PRINCESS BUN BUN

What begins as a visit to Uncle Dave’s new condominium, turns into an almost-magical adventure at the Castle Apartments. Winifred is the imaginative one, fervently hoping “the castle” comes complete with a moat and a spiky door. Eugene, her brother, would be happy with a mere television. Brenda, lovingly referred to as Bun Bun, has just begun toddling and it is her curiosity that sets the plot in motion. While their parents are busy with the doorman, Bun Bun steps into the elevator with Winifred hurrying after. The doors close. Trapped in the elevator, Bun Bun begins to cry while Winifred tries to comfort her as she’s seen Mommy do. Three times the doors open on the wrong floor and each time they meet with a different character befitting inhabitants of a castle. There’s a monster, a witch, and then a princess. The illustrations let the reader in on the real identity of the apartment occupant. The monster, for example, is an eager spotted dog. At last the hapless two meet the knight, in this case Uncle Dave, who tops off the occasion with a royal surprise. Scrimger and Johnson first combined their talents when they introduced these characters in Bun Bun’s Birthday (not reviewed). Drawn with humor, the artwork supplements the tale by illuminating half the story and adorns each page with willowy ink and watercolor pictures. This is a light but involving read that nicely portrays how a child can affect her environment for it is Winifred’s aplomb and fancy that keeps the situation from turning panicky. (Picture book. 3-6)

Pub Date: May 7, 2002

ISBN: 0-88776-543-2

Page Count: 24

Publisher: Tundra

Review Posted Online: May 20, 2010

Kirkus Reviews Issue: April 15, 2002

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Plotless and pointless, the book clearly exists only because its celebrity author wrote it.

YOUR BABY'S FIRST WORD WILL BE DADA

A succession of animal dads do their best to teach their young to say “Dada” in this picture-book vehicle for Fallon.

A grumpy bull says, “DADA!”; his calf moos back. A sad-looking ram insists, “DADA!”; his lamb baas back. A duck, a bee, a dog, a rabbit, a cat, a mouse, a donkey, a pig, a frog, a rooster, and a horse all fail similarly, spread by spread. A final two-spread sequence finds all of the animals arrayed across the pages, dads on the verso and children on the recto. All the text prior to this point has been either iterations of “Dada” or animal sounds in dialogue bubbles; here, narrative text states, “Now everybody get in line, let’s say it together one more time….” Upon the turn of the page, the animal dads gaze round-eyed as their young across the gutter all cry, “DADA!” (except the duckling, who says, “quack”). Ordóñez's illustrations have a bland, digital look, compositions hardly varying with the characters, although the pastel-colored backgrounds change. The punch line fails from a design standpoint, as the sudden, single-bubble chorus of “DADA” appears to be emanating from background features rather than the baby animals’ mouths (only some of which, on close inspection, appear to be open). It also fails to be funny.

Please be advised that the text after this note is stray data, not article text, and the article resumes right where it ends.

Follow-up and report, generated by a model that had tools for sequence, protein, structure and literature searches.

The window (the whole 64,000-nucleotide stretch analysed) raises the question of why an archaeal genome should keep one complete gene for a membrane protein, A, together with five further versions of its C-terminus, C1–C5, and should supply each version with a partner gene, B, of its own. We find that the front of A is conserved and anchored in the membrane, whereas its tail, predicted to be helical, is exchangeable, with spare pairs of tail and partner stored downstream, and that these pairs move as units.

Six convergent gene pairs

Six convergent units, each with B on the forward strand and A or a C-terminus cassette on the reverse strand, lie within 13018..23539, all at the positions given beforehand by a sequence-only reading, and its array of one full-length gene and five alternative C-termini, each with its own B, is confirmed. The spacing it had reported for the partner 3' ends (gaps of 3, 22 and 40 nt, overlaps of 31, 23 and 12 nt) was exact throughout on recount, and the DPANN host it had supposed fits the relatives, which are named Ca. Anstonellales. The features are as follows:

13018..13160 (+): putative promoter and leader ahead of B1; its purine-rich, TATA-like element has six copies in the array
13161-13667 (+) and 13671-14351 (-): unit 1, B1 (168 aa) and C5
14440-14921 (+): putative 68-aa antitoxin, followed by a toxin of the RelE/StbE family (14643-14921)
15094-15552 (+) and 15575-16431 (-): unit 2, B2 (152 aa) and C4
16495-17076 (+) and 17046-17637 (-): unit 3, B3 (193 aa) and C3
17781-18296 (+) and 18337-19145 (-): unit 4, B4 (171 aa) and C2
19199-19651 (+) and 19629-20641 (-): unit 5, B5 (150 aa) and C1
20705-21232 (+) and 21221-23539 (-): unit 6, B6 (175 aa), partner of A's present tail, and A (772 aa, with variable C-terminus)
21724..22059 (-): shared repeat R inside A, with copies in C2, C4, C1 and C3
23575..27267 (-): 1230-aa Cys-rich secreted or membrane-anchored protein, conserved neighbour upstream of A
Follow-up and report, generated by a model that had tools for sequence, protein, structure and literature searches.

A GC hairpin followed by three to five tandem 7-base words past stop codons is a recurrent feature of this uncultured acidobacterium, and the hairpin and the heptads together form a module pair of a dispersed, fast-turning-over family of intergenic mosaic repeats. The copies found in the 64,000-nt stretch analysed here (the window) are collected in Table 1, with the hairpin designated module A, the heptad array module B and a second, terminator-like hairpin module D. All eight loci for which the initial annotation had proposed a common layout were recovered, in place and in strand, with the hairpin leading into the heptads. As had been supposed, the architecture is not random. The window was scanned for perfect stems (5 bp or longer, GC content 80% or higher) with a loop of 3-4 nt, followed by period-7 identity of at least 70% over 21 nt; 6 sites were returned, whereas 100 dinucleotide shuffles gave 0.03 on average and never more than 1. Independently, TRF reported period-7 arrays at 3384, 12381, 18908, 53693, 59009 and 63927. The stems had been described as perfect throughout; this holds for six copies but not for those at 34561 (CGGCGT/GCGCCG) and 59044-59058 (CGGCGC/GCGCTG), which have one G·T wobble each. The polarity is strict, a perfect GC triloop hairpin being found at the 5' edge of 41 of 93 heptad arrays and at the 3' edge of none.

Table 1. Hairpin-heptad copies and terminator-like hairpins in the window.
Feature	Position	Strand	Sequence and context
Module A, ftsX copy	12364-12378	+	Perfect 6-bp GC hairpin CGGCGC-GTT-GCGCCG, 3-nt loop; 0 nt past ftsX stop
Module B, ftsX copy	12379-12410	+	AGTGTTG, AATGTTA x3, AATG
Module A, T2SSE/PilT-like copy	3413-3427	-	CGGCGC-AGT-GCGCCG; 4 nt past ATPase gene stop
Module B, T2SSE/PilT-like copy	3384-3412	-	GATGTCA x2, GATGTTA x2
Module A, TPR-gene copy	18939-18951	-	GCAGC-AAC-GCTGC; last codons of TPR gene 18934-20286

Plotless and pointless, the book clearly exists only because its celebrity author wrote it. (Picture book. 3-5)

Pub Date: June 9, 2015

ISBN: 978-1-250-00934-0

Page Count: 32

Publisher: Feiwel & Friends

Review Posted Online: April 15, 2015

Kirkus Reviews Issue: May 1, 2015

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Should be packaged with an oxygen supply, as it will incontestably elicit uncontrollable gales of giggles.

THE DINKY DONKEY

Even more alliterative hanky-panky from the creators of The Wonky Donkey (2010).

Operating on the principle (valid, here) that anything worth doing is worth overdoing, Smith and Cowley give their wildly popular Wonky Donkey a daughter—who, being “cute and small,” was a “dinky donkey”; having “beautiful long eyelashes” she was in consequence a “blinky dinky donkey”; and so on…and on…and on until the cumulative chorus sails past silly and ludicrous to irresistibly hysterical: “She was a stinky funky plinky-plonky winky-tinky,” etc. The repeating “Hee Haw!” chorus hardly suggests what any audience’s escalating response will be. In the illustrations the daughter sports her parent’s big, shiny eyes and winsome grin while posing in a multicolored mohawk next to a rustic boombox (“She was a punky blinky”), painting her hooves pink, crossing her rear legs to signal a need to pee (“winky-tinky inky-pinky”), demonstrating her smelliness with the help of a histrionic hummingbird, and finally cozying up to her proud, evidently single parent (there’s no sign of another) for a closing cuddle.

Should be packaged with an oxygen supply, as it will incontestably elicit uncontrollable gales of giggles. (Picture book. 4-6)

Pub Date: Nov. 5, 2019

ISBN: 978-1-338-60083-4

Page Count: 24

Publisher: Scholastic

Review Posted Online: Oct. 13, 2019

Kirkus Reviews Issue: Nov. 1, 2019

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